CodeQL documentation

SQL query built from user-controlled sources

ID: cs/sql-injection
Kind: path-problem
Severity: error
Precision: high
Tags:
   - security
   - external/cwe/cwe-089
Query suites:
   - csharp-code-scanning.qls
   - csharp-security-extended.qls
   - csharp-security-and-quality.qls

Click to see the query in the CodeQL repository

If a SQL query is built using string concatenation, and the components of the concatenation include user input, a user is likely to be able to run malicious database queries.

Recommendation

Usually, it is better to use a prepared statement than to build a complete query with string concatenation. A prepared statement can include a parameter, written as either a question mark (?) or with an explicit name (@parameter), for each part of the SQL query that is expected to be filled in by a different value each time it is run. When the query is later executed, a value must be supplied for each parameter in the query.

It is good practice to use prepared statements for supplying parameters to a query, whether or not any of the parameters are directly traceable to user input. Doing so avoids any need to worry about quoting and escaping.

Example

In the following example, the code runs a simple SQL query in three different ways.

The first way involves building a query, query1, by concatenating a user-supplied text box value with some string literals. The text box value can include special characters, so this code allows for SQL injection attacks.

The second way uses a stored procedure, ItemsStoredProcedure, with a single parameter (@category). The parameter is then given a value by calling Parameters.Add. This version is immune to injection attacks, because any special characters are not given any special treatment.

The third way builds a query, query2, with a single string literal that includes a parameter (@category). The parameter is then given a value by calling Parameters.Add. This version is immune to injection attacks, because any special characters are not given any special treatment.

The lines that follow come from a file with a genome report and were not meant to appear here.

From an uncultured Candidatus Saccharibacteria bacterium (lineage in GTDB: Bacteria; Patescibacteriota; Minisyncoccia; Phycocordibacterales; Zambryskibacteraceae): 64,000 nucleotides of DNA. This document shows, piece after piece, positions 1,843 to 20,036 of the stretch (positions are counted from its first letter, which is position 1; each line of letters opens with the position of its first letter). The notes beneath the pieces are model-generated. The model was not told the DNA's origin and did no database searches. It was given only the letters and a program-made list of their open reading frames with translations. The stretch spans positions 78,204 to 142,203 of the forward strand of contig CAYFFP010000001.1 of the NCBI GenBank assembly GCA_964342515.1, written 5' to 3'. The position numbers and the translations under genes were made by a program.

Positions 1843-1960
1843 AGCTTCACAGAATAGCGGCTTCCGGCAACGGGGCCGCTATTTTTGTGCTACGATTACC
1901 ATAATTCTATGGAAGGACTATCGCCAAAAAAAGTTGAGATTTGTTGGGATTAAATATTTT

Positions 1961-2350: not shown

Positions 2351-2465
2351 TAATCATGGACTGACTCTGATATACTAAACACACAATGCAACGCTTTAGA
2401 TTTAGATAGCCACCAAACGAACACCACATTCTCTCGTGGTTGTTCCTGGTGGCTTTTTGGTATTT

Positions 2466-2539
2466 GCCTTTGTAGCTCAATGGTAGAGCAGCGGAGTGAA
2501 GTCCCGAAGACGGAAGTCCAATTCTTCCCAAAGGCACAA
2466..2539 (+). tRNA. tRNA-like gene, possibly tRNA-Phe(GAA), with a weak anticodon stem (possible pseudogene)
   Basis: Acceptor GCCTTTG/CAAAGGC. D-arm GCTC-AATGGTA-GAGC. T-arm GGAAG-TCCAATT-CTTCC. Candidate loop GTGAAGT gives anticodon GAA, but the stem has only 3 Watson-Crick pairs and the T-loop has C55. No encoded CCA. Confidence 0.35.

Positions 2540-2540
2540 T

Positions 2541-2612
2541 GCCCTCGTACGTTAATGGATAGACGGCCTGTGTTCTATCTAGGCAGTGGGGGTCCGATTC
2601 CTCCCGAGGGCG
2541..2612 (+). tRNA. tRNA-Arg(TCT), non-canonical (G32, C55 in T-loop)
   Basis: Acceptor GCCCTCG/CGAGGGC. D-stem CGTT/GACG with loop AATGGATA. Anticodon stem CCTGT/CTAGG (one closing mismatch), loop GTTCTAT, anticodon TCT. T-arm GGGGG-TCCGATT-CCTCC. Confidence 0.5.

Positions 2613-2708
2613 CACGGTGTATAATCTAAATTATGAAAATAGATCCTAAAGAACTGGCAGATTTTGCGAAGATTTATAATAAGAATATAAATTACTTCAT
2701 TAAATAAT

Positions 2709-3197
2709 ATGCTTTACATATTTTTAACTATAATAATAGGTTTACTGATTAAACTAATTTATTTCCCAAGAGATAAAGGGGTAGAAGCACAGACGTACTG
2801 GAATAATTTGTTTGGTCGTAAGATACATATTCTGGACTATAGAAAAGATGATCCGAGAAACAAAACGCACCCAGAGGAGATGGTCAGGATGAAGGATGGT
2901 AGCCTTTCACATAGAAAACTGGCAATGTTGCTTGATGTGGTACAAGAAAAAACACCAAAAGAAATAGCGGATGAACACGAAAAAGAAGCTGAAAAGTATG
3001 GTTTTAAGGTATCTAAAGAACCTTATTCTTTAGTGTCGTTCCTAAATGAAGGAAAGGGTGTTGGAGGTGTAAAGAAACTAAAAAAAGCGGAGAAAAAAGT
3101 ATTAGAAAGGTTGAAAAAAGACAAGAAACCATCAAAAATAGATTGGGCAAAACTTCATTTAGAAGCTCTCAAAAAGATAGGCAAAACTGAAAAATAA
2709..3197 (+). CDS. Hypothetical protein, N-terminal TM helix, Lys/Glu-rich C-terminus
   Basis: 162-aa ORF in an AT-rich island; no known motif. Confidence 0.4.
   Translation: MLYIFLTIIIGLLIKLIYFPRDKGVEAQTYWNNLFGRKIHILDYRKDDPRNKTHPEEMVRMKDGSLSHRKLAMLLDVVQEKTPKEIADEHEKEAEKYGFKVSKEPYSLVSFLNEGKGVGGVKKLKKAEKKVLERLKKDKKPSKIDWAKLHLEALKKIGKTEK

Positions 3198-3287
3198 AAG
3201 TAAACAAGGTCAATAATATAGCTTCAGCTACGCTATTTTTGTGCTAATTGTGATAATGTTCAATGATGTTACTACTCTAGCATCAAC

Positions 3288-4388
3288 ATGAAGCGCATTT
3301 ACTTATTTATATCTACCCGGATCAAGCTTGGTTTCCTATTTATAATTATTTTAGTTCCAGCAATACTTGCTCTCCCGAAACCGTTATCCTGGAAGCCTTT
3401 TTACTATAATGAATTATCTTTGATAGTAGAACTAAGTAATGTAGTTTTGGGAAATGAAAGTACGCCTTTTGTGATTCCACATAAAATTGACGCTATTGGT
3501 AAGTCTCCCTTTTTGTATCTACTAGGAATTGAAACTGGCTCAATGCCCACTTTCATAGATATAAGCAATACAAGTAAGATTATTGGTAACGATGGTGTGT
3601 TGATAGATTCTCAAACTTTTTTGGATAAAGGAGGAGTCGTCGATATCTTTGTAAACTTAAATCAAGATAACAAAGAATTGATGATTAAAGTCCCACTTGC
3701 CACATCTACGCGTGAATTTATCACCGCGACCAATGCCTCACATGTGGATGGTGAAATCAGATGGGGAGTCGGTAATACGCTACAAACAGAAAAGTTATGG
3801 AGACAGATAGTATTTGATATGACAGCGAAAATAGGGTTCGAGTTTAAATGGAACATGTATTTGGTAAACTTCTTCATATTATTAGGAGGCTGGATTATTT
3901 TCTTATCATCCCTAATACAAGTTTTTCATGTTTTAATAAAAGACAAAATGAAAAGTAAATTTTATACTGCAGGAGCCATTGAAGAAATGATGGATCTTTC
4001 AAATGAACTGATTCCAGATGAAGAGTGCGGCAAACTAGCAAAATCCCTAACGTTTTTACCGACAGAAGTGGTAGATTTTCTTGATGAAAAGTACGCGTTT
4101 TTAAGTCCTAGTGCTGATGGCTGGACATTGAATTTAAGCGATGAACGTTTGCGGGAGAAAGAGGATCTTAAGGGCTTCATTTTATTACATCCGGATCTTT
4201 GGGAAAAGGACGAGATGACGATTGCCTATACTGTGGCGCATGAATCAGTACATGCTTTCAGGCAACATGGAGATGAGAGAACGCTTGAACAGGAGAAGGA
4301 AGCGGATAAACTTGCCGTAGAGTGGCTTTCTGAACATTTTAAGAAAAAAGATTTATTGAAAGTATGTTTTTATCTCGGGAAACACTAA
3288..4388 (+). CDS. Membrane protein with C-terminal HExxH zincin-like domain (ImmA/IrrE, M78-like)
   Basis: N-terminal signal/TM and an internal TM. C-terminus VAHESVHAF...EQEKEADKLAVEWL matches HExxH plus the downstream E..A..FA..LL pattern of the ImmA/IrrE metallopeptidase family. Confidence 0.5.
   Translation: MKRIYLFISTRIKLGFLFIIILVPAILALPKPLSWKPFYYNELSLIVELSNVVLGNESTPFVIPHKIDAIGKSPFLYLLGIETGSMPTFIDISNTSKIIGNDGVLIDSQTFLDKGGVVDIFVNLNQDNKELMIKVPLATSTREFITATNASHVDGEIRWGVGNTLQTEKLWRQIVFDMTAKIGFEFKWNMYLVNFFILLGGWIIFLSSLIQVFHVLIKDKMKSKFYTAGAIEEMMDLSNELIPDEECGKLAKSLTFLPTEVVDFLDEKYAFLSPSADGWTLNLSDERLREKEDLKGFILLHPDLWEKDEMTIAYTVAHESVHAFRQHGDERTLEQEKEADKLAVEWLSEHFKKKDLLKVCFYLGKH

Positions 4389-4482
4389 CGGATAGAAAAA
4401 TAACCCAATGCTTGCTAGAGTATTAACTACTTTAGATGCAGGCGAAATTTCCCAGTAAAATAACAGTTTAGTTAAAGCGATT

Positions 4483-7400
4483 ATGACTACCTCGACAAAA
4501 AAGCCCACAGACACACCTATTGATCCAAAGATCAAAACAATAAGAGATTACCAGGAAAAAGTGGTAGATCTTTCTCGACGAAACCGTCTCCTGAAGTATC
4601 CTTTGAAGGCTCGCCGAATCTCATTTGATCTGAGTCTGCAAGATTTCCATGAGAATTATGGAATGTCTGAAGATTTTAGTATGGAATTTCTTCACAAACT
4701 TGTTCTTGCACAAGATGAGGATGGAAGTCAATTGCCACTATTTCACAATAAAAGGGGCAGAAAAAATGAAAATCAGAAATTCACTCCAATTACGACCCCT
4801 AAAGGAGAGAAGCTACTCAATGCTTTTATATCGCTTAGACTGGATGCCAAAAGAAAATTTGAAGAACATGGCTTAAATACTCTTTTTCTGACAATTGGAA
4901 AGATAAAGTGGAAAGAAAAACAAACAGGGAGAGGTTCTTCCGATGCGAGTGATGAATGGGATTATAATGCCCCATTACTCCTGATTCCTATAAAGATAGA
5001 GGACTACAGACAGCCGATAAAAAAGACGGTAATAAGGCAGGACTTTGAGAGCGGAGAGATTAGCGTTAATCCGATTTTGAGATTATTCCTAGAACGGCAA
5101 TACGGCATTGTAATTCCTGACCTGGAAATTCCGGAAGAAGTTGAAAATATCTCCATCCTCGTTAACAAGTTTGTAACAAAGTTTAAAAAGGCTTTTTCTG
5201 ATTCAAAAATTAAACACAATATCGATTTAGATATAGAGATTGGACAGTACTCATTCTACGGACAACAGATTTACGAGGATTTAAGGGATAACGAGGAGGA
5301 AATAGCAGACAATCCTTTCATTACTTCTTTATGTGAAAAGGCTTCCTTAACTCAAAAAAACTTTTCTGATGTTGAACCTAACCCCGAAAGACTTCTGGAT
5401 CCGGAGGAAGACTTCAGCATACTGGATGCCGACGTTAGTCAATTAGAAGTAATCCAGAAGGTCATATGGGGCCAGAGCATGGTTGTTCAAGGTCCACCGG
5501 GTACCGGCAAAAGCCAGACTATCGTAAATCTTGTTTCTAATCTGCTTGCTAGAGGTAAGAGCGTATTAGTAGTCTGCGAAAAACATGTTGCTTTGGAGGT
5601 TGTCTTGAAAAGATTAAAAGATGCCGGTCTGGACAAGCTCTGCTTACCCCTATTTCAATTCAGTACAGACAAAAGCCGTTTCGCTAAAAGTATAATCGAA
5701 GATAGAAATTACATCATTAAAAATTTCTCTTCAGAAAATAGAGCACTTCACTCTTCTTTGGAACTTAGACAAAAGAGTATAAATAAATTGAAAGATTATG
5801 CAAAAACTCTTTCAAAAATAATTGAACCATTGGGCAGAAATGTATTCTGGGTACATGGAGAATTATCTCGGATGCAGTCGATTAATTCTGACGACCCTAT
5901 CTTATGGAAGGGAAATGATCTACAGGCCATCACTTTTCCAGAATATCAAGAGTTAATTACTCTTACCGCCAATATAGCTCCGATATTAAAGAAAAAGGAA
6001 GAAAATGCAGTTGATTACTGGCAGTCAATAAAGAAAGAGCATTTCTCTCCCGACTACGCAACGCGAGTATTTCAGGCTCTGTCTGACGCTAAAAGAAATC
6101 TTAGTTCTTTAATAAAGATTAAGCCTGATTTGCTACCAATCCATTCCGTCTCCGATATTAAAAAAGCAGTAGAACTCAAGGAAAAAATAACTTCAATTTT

using System.Data;
using System.Data.SqlClient;
using System.Web.UI.WebControls;

class SqlInjection
{
    TextBox categoryTextBox;
    string connectionString;

    public DataSet GetDataSetByCategory()
    {
        // BAD: the category might have SQL special characters in it
        using (var connection = new SqlConnection(connectionString))
        {
            var query1 = "SELECT ITEM,PRICE FROM PRODUCT WHERE ITEM_CATEGORY='"
              + categoryTextBox.Text + "' ORDER BY PRICE";
            var adapter = new SqlDataAdapter(query1, connection);
            var result = new DataSet();
            adapter.Fill(result);
            return result;
        }

        // GOOD: use parameters with stored procedures
        using (var connection = new SqlConnection(connectionString))
        {
            var adapter = new SqlDataAdapter("ItemsStoredProcedure", connection);
            adapter.SelectCommand.CommandType = CommandType.StoredProcedure;
            var parameter = new SqlParameter("category", categoryTextBox.Text);
            adapter.SelectCommand.Parameters.Add(parameter);
            var result = new DataSet();
            adapter.Fill(result);
            return result;
        }

        // GOOD: use parameters with dynamic SQL
        using (var connection = new SqlConnection(connectionString))
        {
            var query2 = "SELECT ITEM,PRICE FROM PRODUCT WHERE ITEM_CATEGORY="
              + "@category ORDER BY PRICE";
            var adapter = new SqlDataAdapter(query2, connection);
            var parameter = new SqlParameter("category", categoryTextBox.Text);
            adapter.SelectCommand.Parameters.Add(parameter);
            var result = new DataSet();
            adapter.Fill(result);
            return result;
        }
    }
}

References